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Select Primitive Elvish Roots: MA-MAK

ᴹ√MA “interrogative base; [ᴱ√] root of indef[inite]”

This root is the basis for Elvish question words. When it first appeared in the Gnomish Lexicon of the 1910s, Tolkien said ᴱ√MA was the “root of indef[inites]” (GL/55), and it served as the basis for the indefinitive suffix G. -(u)m and ᴱQ. -(u)ma (GL/55; PE14/42, 71). In the Gnomish Lexicon, question words were derived from the root ᴱ√DO instead: G. don “who”, G. dos “when”, G. dui “where”, etc. (GL/30). There are no signs of interrogative ᴱ√DO in Tolkien’s later writings, however.

Indeed, by the time Tolkien wrote the ᴱQ. Oilima Markirya poem around 1930, Quenya question words generally began with ma-: ᴱQ. man kiluva kirya ninqe? “Who shall see a white ship?” (MC/213). This remained true thereafter, and the same seems to be true of Sindarin as well, though we have far fewer examples: S. ar·phent Rían Tuor·na: man agorech?, untranslated but apparently: “*and said Rían to Tuor: what have we done?” (VT50/5). The “interrogative base” √MA is mentioned in Quenya Notes from 1957 (QN: PE17/162) and again in notes from around 1968 (VT47/19).

MA does not seem to be completely divorced from indefinites in Tolkien’s later writings, however, given his use of Q. ma for an indefinite neuter pronoun “(some)thing” as opposed to the indefinite personal pronoun Q. mo “(some)one” (PE22/154; VT42/34). Whether these indefinites are based on the same root or a similar but unrelated root isn’t clear.

ᴱ√MAɃA “something nice”

A root given as maƀ or mam in the Gnomish Lexicon of the 1910s glossed “something nice”, with derivatives like G. mab(a) “mother”, G. mam “grandmother”, G. mav- “like”, and G. mavri “appetite” (GL/57). There are no signs of this root in Tolkien’s later writing, but I think it is worth positing a Neo-Sindarin root ᴺ√MAB to salvage some of these early words.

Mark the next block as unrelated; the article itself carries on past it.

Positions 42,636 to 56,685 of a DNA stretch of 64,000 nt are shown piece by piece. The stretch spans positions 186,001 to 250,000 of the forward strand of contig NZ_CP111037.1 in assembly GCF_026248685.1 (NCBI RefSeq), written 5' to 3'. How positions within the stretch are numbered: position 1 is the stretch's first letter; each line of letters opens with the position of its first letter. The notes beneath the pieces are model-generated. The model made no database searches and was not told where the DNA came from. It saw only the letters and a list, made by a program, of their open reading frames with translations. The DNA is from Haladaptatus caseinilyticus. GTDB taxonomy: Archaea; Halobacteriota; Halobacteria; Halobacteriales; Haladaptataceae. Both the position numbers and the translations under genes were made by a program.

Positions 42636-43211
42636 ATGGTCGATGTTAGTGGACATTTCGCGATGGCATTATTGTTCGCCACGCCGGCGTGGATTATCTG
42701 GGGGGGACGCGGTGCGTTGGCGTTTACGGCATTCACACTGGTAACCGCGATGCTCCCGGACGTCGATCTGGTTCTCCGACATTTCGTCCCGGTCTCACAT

ᴹ√MAD “*pale (yellow)”

A root in The Etymologies with derivatives ᴹQ. marya and N. maidh glossed “pale, fallow, fawn”(Ety/MAD), the last of these (fawn) probably referring to a light yellowish-tan color. In this entry it was the basis for the name N. Maidhros “Pale-glitter”, but this and related entries went through a number of revisions as Tolkien tried to sort out the origin of that name. Indeed in later writings Tolkien gave this name as S. Maedhros or Maedros along with completely different etymologies (PM/366; VT41/10). Nevertheless, I think it is worth retaining this root for purposes of Neo-Eldarin to refer to a pale yellow or tan color.

MAG “good (physically); to thrive, be in a good state; [ᴹ√] use, handle”

This root was intertwined with the root for “hand” words: √MAH or √MAƷ. Indeed, in The Etymologies of the 1930s the roots ᴹ√MAG and ᴹ√MAƷ were variants of one another, with ᴹ√MAƷ glossed “hand” and ᴹ√MAG glossed “use, handle”, the latter with the derivatives like ᴹQ. mára/N. maer “useful, fit, good (of things)” and N. maen “skilled, clever” (Ety/MAƷ|MAG).

In later writings, however, the sense of this root shifted more towards “good”. In etymological notes from the late 1950s Tolkien still gave both √MAG or √MAƷ as the basis for hand words (PE17/161-2), but in Definitive Linguistic Notes (DLN) from 1959, Tolkien gave √MAGA the gloss “good (physically)” (PE17/149) or “to thrive, be in a good state” (PE17/162). In notes on Eldarin Hands, Fingers and Numerals from the late 1960s, Tolkien said the root for “hand” was √MAƷA, and there was a distinct (but possibly related) root √MAG, described as follows:

MAGA, a stem meaning “good” — but without moral reference, except by implication: sc. it was not the opposite of “evil, wicked” but of “bad (damaged, imperfect, unfit, useless)”, and the adjectival stem derived, *magrā, meant “good for a purpose or function, as required or desired, useful, proper, fit” (VT47/6).

A similar distinction between √MAƷA “hand” and √MAGA “good, useful” appeared in 1968 notes (VT47/19). In Late Notes on Verb Structure (LVS) from 1969, Tolkien gave √MAGA the gloss “have, possess” to serve as the basis for the irregular verb Q. mai-, but this note was crossed through and I suspect it was a transient idea (PE22/148 and note #24). Thus, “good, useful” seems to be the best interpretation for the root √MAG.

MAH “handle, manage, control, wield; serve, be of use; [ᴹ√] hand; [ᴱ√] grasp”

This root was connected to hand words for all of Tolkien’s life. Its periodic shifts between √MAH and √MAƷ had more to do with Tolkien’s ongoing vacillation on the form of the ancient velar spirant (voiced vs. voiceless) in Primitive Elvish. The earliest appearance of this root was as ᴱ√MAHA “grasp” in the Qenya Lexicon of the 1910s, with derivatives like ᴱQ. “hand”, ᴱQ. maqa “handy, skilled”, and ᴱQ. māra “mighty, power, doughty; (of things) good, useful” (QL/57). In the contemporaneous Gnomish Lexicon the root was maχā with derivatives G. “hand” and G. manc “grip, grasp, hold” (GL/55); G. mora “good” may have also been related (GL/57).